Next articleThe oil and gas unemployment crisis and how to fix it
Jaana Woiceshyn teaches business ethics and competitive strategy at the Haskayne School of Business, University of Calgary, Canada.She has lectured and conducted seminars on business ethics to undergraduate, MBA and Executive MBA students, and to various corporate audiences for over 20 years both in Canada and abroad.Before earning her Ph.D. from the Wharton School of Business, University of Pennsylvania, she helped turn around a small business in Finland and worked for a consulting firm in Canada.Jaana’s research on technological change and innovation, value creation by business, executive decision-making, and business ethics has been published in various academic and professional journals and books. “How to Be Profitable and Moral” is her first solo-authored book.

4 COMMENTS

  1. Good for you.

    I’d already fired the Can’tTelusAnything phone company for falsely claiming there is no difference in reception between different models of phones.

    There’s limited choice of providers in Canada, government attempts to increase competition have not worked because foreign investment is restricted in a capital intensive industry. (Apropos your earlier article.) AFAIK or most people there’s essentially only the Bell/Telus/Virgin network and the Rogers network (which is not as extensive).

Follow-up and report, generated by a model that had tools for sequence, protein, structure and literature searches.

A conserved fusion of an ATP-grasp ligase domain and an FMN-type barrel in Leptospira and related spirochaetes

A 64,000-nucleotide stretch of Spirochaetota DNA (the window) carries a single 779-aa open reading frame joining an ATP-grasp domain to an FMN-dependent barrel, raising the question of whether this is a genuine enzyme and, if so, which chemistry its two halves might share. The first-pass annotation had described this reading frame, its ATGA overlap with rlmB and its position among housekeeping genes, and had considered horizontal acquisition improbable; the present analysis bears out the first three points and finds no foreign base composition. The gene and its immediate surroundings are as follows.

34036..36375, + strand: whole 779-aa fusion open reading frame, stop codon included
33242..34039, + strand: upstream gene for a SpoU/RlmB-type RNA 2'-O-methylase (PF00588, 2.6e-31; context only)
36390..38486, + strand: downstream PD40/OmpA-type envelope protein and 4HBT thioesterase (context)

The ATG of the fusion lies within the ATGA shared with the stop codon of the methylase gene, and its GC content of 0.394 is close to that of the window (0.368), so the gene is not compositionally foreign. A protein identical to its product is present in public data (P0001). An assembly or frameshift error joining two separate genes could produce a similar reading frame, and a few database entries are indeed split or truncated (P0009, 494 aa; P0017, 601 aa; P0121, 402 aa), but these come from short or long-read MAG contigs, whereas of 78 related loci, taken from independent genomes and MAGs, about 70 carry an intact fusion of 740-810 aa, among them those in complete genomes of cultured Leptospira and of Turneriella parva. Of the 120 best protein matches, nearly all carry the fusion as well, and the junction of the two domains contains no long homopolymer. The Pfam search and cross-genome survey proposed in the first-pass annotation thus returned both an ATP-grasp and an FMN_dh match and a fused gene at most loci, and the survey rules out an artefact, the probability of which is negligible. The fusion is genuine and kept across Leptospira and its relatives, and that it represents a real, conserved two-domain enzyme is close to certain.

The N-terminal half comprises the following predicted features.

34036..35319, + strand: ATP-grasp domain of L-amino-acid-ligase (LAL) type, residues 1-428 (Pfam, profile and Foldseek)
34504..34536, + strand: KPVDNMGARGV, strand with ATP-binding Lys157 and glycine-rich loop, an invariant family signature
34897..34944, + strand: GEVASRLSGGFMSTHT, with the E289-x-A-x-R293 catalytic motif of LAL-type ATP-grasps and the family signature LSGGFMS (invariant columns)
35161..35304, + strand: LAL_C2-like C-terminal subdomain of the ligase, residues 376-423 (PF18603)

Many business people are suckers for Chicken Little pitches, which is surprising as they are presumed to have ability to avoid fraudsters. (Though the owner of the predominant Telus dealer in my area fell for an investment scammer, even sending more money when he went into hiding.) They aren’t “leaders” but sheep being used by anti-human wolves. Chicken Little pitches are permeating professional ranks, such as IEEE and professional licensing bodies. Apparently many engineers don’t apply professional epistemology to matters outside of their specific professional work. They should read the website of Friends of Science, with particular emphasis on the basic physics of absorption and emission of greenhouse gas molecules and the saturation effect of the overlap of spectra of carbon dioxide with dihydrogen monoxide vapor (the most plentiful greenhouse gas). And the Climate Audit blog which provides examples of how “scientists” botch and fudge analyses.